The York community was saddened to learn of the recent death of Mariano A. Elia (LLD ’85), a long-time friend and supporter of the University. Dr. Elia died last week at 89, after a full and vibrant life.
Dr. Elia was born in Italy in 1917 and immigrated to Canada as a young man. In 1941, after studying architecture in night school for five years and overcoming much hardship, he started a small general contracting firm. This ultimately brought him great success and he became a considerable Canadian philanthropist, involved in many good works.
Right: Seen in a photograph from the York Gazette, May 18, 1984, signing the official agreement for the Mariano A. Elia Chair in Italian-Canadian Studies are, from right to left, Senator Peter Bosa; William C. Found, vice-president academic affairs; MP David W. Collenette; and Mariano A. Elia (signing the agreement)
In 1984, Dr. Elia made a significant donation to York, matched by the federal government, to establish the Mariano A. Elia Chair in Italian-Canadian Studies. The purpose of the Chair was to create an academic focus on teaching and research, as well as out-reach to the Italian-Canadian community.
In 1985, Dr. Elia received an honorary doctorate from York. The Italian government also granted Dr. Elia membership in the Italian Order of Chivalry and the esteemed title of “Commendatore”, which rewards Italians living abroad for their achievements in arts and sciences that are of benefit to Italy.
“From its very beginnings, Dr. Elia took an active interest in the Chair and worked to reinforce its purposes both in the Italian-Canadian community and abroad,” recalls Harry Arthurs, York president emeritus and University Professor. “He was a man with a vast array of interests, but the Chair was his passion.”
Arthurs describes Dr. Elia, whom he met with often during his presidency and in recent years, as a man who had a vital character, a deep interest in politics and an excellent memory. “I liked and admired him enormously and he will be deeply missed by the York community,” he adds.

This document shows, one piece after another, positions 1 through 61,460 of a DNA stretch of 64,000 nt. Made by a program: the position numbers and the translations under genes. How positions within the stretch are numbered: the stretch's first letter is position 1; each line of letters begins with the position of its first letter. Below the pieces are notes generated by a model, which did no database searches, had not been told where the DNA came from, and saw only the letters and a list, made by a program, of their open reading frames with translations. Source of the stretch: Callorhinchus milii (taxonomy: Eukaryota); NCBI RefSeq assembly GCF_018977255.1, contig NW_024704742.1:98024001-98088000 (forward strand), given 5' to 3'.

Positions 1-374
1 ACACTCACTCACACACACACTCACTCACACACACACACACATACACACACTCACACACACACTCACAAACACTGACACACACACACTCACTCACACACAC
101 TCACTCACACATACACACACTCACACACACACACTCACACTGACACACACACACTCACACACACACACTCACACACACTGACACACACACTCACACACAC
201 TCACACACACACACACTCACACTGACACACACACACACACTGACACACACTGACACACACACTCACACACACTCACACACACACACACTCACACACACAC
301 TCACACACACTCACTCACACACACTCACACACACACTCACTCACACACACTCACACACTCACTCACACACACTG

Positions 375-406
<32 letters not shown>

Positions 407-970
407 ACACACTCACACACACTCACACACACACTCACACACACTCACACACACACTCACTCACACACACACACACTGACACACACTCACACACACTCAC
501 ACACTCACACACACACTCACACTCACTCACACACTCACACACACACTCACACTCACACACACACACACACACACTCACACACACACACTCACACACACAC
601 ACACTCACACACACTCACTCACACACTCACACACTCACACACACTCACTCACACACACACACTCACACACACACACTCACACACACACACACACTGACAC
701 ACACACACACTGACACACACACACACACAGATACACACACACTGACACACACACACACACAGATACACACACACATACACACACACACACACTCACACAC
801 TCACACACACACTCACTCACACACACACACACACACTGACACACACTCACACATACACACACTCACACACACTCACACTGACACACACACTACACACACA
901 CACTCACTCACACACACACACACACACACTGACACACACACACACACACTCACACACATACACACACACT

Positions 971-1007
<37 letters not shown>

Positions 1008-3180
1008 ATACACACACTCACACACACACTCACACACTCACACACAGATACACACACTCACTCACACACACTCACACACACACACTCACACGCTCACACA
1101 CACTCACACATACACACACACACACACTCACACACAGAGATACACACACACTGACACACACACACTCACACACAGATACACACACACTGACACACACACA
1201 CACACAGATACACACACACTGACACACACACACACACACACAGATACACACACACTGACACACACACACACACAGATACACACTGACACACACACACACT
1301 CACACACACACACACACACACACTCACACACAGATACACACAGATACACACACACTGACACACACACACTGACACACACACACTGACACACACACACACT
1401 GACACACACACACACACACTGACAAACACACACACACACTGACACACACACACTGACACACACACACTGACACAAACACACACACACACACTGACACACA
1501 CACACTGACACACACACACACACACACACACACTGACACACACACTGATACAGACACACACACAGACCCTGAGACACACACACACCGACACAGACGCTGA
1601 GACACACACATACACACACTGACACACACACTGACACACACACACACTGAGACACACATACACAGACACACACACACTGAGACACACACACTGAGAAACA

The Mariano A. Elia Chair in Italian-Canadian Studies is currently the only Chair in Canada focused on this area. The Chair sponsors three annual fellowships, to support students conducting research in the field and continues to be involved in the support of faculty exchanges with other universities in Canada and internationally. In 1988, Dr. Elia was instrumental in helping to develop one of the Chair’s strongest collaborations, a student exchange with the University of Calabria.
“We owe a huge debt of gratitude to Dr. Elia for his generosity and involvement with the Mariano A. Elia Chair in Italian-Canadian Studies,” says Elio Costa, professor emeritus and former Chair-holder. “His legacy will allow York to continue to achieve great success in the area of Italian-Canadian Studies.”
The Chair celebrates the notion of a “university without walls” and has developed strong links and partnerships beyond the University with Italian-Canadian community groups to encourage the dissemination of knowledge of Italian-Canadian issues to the broader public. The Chair also seeks the community-based preservation of materials important for understanding Italian-Canadian reality.
To foster community participation in the field of Italian-Canadian Studies, the Chair has sponsored an annual lecture series since 1984 at the Columbus Centre. The Series features guest speakers who are internationally respected scholars, researchers on all aspects of Italian-Canadian life, artists, and community members involved in issues of importance to Italian-Canadians.
“Dr. Elia’s death is a great loss,” said Lorna R. Marsden, York’s president and vice-chancellor. “His contributions to establish the Mariano A. Elia Chair in Italian-Canadian Studies helped York University’s students immensely. The accomplishments of the Chair brought Dr. Elia tremendous pride, and we are committed to ensuring that our work in the area of Italian-Canadian Studies continues to make his family proud.”
Dr. Elia also helped fund the Marconi Museum in Glace Bay, Nova Scotia, to commemorate Guglielmo Marconi, the Italian physicist who sent the first wireless transmission across the Atlantic. Dr. Elia was also involved philanthropically with Princess Margaret Hospital in Toronto and the Art Gallery of Ontario.